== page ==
Conde's $10,000 Reward for Good Ideas is a Good Idea!

Conde Nast, the titanic and tottering publishing giant, is offering $10,000 every quarter to the employee with the best idea about improving the company. This idea is getting snarked all over the place (John Kolbin's Observer piece is pretty funny) but I can't seem to muster much cynicism about this idea. In fact ... I think it's a great idea.

Congratulations, Si Newhouse! Somebody give this guy $10,000!

Last year, you might remember the company paid McKinsey consultants millions of dollars to skulk the hallways of 4 Times Square and perform a pre-mortem of its finances. The whole media world could smell the rot. But Conde needed McKinsey to diagnose the gangrene publicly and recommend exactly what Conde would have done anyway: Announce a 25% cut across the company.

Tapping your in-house resources to actually get new ideas seems like a better use of company money. Ten thousand dollars means very little to Conde Nast as a company and very much indeed to a Conde Nast employee not used to receiving a 20% salary bonus in exchange for a memo. A sweet incentive unleashed upon a smart media company is a potent combo.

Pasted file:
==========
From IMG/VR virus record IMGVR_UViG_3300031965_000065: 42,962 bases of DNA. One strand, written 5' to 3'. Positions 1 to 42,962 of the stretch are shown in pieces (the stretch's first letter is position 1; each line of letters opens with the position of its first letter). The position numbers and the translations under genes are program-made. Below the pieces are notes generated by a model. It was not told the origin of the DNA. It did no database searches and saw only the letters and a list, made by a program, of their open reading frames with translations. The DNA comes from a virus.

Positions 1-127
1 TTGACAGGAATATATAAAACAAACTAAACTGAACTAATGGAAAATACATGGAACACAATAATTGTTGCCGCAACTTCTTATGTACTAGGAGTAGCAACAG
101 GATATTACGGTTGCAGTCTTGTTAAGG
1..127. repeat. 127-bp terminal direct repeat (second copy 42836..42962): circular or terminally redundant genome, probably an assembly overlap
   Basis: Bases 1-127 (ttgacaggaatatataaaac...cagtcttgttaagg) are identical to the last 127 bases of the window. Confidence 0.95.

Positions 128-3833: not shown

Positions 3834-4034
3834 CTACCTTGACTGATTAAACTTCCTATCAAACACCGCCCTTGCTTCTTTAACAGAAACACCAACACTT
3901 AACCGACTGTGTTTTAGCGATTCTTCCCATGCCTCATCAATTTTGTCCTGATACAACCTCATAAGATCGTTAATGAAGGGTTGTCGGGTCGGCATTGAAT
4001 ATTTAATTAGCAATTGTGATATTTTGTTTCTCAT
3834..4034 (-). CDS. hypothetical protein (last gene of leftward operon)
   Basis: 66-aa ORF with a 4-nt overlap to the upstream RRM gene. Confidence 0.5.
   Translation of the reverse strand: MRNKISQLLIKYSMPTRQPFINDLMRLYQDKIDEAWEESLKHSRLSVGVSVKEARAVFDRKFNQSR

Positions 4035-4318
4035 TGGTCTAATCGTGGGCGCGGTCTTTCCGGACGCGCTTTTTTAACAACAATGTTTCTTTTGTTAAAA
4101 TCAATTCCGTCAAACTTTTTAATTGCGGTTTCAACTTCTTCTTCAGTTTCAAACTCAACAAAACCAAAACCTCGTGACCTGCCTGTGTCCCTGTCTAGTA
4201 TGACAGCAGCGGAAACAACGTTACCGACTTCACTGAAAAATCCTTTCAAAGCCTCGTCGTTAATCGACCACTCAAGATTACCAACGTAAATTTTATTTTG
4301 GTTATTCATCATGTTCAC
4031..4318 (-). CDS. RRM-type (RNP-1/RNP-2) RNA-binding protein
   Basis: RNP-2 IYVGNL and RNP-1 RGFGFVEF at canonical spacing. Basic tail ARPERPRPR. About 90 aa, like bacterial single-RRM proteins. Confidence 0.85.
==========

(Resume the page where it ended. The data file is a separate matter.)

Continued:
My biggest concern isn't that this move seems desperate (really, who cares at this point?). My biggest concern is that there's no guarantee that Conde will reward the right ideas. Indeed the simplest ideas -- including: Charge for more online content; Change the New Yorker and Vanity Fair websites to promote their amazing blogs; Keep mag covers glossy but change to thinner paper in the books you send out to subscribers to cut down on production costs -- are probably better than the revolutionary-seeming ideas that might catch Si's eye.

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Derek Thompson is a senior editor at The Atlantic, where he writes about economics, labor markets, and the entertainment business.

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